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Google’s Conversion Optimizer Updated

Google’s nifty little tool, the Conversion Optimizer, has been updated. Originally launched in September, the tool is designed to optimize Google PPC ads for conversion.

The Conversion Optimizer uses user data from your website to observe when most of your conversions occur from PPC ads. The Optimizer lets you specific a maximum cost per acquisition (CPA) for an adgroup, then automatically adjusts your bidding to keep your CPC down and your conversions up. It’s designed to minimize the cost per acquisition and maximize the number of conversions.

Currently, it sounds like the primary method for doing this is automatic dayparting. According to the official announcement, the Conversion Optimizer accomplishes all this by “showing ads when conversions are most likely to occur.”

The Inside AdWords blog cites one case study of this in action from Moritz Daan, CEO of Webgamic’s CEO:

Clients Ask Ad Agencies to Diversify

Ad executives are going to have to change the way they do business and include more progressive methods to reach customers. Marketers want more focus on other advertising like online video and social networking sites and less on traditional media alone. That’s according to a recent article in the Wall Street Journal.

As the economy slows, more businesses are attracted to Internet advertising. Not only is it often less expensive, but it’s also easier to measure than tv and print ads. Every prediction I’ve seen shows growth in this space outpacing growth in traditional advertising methods. Merrill Lynch predicts ad spending in the U.S. will grow 2.3% this year and that businesses will move more budgets online – increasing the portion spent online to 18%. Publicis Groupe’s ZenithOptimedia says it spending online should exceed that spent on radio as soon as this year. The Internet should outspend magazine advertising by 2010.

Advertisers Banking on Social Networking in 2008

If you look at all the hype around social networking, you might think that it’s a fad that will soon fade. Advertisers don’t think so. After seeing how many teens and adults (40%) in the US are on social networking sites, they are upping their budgets for the new year.

Last year, advertisers spent $920 million advertising on social networks. They plan to spend a lot more this year – 69 percent more, according to eMarketer – around $1.6 billion. It’s not expected to slow either. In the next four years the figure is expected to reach $2.7 billion.

Advertisers are still trying to see what works on popular sites like Facebook, MySpace and niche online social networks. In a report titled: Social Network Marketing: Ad Spending and Usage, author Debra Aho Williamson, points out that:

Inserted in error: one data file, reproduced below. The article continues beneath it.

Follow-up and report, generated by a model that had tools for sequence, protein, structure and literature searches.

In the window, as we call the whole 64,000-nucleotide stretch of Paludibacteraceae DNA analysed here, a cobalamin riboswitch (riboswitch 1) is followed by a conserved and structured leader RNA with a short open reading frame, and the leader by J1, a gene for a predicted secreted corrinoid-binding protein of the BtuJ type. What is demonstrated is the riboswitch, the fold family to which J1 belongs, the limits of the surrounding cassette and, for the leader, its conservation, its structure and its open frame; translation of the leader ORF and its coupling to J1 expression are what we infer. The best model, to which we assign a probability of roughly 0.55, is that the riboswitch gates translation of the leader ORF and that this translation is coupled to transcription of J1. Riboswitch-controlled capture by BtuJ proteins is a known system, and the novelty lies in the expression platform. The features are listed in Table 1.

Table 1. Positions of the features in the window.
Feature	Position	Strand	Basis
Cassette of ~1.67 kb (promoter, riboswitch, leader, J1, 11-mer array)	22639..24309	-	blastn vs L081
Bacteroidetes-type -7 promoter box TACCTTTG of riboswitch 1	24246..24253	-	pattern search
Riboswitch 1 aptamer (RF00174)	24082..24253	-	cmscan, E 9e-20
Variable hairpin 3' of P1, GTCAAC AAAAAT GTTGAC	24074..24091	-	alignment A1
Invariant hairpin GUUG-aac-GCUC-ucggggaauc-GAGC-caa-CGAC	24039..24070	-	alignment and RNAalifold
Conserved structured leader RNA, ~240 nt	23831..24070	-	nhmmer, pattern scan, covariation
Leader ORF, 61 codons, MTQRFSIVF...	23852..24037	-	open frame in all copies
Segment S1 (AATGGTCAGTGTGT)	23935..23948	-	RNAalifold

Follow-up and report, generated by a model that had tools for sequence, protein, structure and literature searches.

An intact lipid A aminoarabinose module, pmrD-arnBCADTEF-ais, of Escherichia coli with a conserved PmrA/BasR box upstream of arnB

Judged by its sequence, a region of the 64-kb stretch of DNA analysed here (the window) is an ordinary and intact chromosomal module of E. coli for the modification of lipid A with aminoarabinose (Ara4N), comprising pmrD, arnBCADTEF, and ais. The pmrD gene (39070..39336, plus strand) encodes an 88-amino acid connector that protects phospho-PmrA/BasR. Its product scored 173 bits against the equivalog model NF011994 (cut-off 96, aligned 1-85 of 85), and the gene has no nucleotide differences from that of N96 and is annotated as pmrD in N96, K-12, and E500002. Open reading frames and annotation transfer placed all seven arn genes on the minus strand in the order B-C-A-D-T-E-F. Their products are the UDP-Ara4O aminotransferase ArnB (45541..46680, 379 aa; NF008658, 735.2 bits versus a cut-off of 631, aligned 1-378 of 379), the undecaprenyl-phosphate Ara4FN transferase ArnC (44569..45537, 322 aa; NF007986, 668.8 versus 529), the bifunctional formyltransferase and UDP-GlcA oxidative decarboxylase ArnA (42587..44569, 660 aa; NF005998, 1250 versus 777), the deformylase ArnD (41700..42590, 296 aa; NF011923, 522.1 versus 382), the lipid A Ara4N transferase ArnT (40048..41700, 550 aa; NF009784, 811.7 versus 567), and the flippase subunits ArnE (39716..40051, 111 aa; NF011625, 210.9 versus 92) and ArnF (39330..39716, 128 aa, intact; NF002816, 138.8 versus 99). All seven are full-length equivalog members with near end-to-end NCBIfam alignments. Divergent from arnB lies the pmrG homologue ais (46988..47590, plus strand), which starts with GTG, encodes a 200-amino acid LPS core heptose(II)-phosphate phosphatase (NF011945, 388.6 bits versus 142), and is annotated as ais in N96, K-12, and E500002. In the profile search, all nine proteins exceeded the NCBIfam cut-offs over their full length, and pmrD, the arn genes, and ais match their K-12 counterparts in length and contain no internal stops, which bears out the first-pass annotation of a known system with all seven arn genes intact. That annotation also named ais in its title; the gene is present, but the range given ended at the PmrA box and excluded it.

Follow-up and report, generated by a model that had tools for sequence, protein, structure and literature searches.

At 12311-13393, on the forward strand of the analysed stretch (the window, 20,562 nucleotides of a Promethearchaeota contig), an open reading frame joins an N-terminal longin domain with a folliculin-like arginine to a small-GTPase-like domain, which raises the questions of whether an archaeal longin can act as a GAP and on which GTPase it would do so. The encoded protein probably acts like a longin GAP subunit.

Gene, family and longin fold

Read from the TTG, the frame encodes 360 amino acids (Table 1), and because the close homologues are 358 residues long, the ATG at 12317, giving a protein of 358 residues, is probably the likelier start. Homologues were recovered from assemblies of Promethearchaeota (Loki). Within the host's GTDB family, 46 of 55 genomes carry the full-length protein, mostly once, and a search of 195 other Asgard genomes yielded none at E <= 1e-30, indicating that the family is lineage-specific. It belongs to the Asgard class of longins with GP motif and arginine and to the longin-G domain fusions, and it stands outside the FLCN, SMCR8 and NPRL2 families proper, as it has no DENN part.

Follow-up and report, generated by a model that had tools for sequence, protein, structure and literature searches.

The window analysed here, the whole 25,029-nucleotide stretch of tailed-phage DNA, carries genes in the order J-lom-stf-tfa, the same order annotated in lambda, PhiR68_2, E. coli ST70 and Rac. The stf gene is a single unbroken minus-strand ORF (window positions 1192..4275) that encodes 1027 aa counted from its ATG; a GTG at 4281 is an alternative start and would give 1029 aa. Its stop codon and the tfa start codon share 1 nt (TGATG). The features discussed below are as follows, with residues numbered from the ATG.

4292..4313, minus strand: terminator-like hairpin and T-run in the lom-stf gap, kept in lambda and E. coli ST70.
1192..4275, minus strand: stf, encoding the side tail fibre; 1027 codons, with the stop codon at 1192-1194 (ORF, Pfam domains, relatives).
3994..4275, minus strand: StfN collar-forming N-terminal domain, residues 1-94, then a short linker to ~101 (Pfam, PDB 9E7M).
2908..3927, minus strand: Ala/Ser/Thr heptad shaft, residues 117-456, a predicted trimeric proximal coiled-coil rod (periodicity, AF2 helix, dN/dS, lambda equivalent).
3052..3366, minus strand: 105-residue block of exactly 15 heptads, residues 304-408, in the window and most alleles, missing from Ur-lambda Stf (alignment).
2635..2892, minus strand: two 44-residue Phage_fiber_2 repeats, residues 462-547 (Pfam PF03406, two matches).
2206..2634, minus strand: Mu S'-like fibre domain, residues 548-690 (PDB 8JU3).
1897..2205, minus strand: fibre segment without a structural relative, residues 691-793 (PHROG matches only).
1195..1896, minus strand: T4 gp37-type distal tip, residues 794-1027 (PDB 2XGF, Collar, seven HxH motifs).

The Marketing Tools You Need in 2008

Social media guru–and newly minted Forrester analyst–Jeremiah Owyang has compiled a comprehensive list of the online marketing channels companies need to consider in 2008.

His list of tools includes web sites, blogs, social networks, widgets, SEO, and much, much more. He’s looking to compile the definitive list, so head on over there and leave a comment if you think he’s missed anything.

Kayak.com Acquiring Rival SideStep.com

Travel search engine Kayak.com is paying $196 million to acquire its closest competitor SideStep.com. Both are search engines to help travelers find the best prices on airfare, hotels, and car rentals. Like most search engines, they make money with partnerships and advertising.

The deal was financed from many sources, starting with Sequoia Capital, General Catalyst Partners and Accel Partners. SideStep investors include Norwest Venture Partners and Trident Capital. New investors Oak Investment Partners and Lehman Brothers Venture Partners.

They do plan to keep both sites separate in style and branding but combine some of their technology. Kayak looks more like a search engine, while SideStep is has a richer interface and more content (Kayak’s blog could use some influence from SideStep). Kayak has some plugins and widgets while SideStep has a review site and social network for travelers.

A Year in Review – Ad Agencies Acquired

Yesterday marked yet another acquisition of an advertising agency, and perhaps one of the last of 2007. This year has brought so many acquisitions, and big news such as Google getting the federal go-ahead to buy DoubleClick.

AOL announced yesterday that they have completed an acquisition of online advertising company Quigo for $340 million. The deal was announced last month. Quigo is the fourth advertising company AOL has acquired this year. Others include: Third Screen Media (mobile advertising) for $80 million, ADTECH (ad serving platform based in Germany), and TACODA (a behavior targeting ad agency) for which they paid $275 million.

Here is a wrap-up of 2007′s biggest advertising agency acquisitions

February 2007
Google buys AdScape for $23 million – so they can develop in-game advertising.
Omniture buys Touch Clarity for $51.5 million

Microsoft Launches Affiliate Program

Microsoft has launched a new affiliate program for paid search ads (Microsoft adCenter) and their security and PC backup service Windows Live OneCare.

There are two ways Affiliates can earn cash.
1. Each time someone signs up for a free trial of Windows Live OneCare.
2. The Microsoft adCenter program – which I can’t find details about – but you can earn cash each time someone you refer from your site signs up for paid search ads.

They are launching Microsoft adCenter with a $50 ad credit for your visitors (Andy ought to sign up Marketing Pilgrim!).

Microsoft will provide the banners to put on your blog or web site. I can’t find figures on their payouts.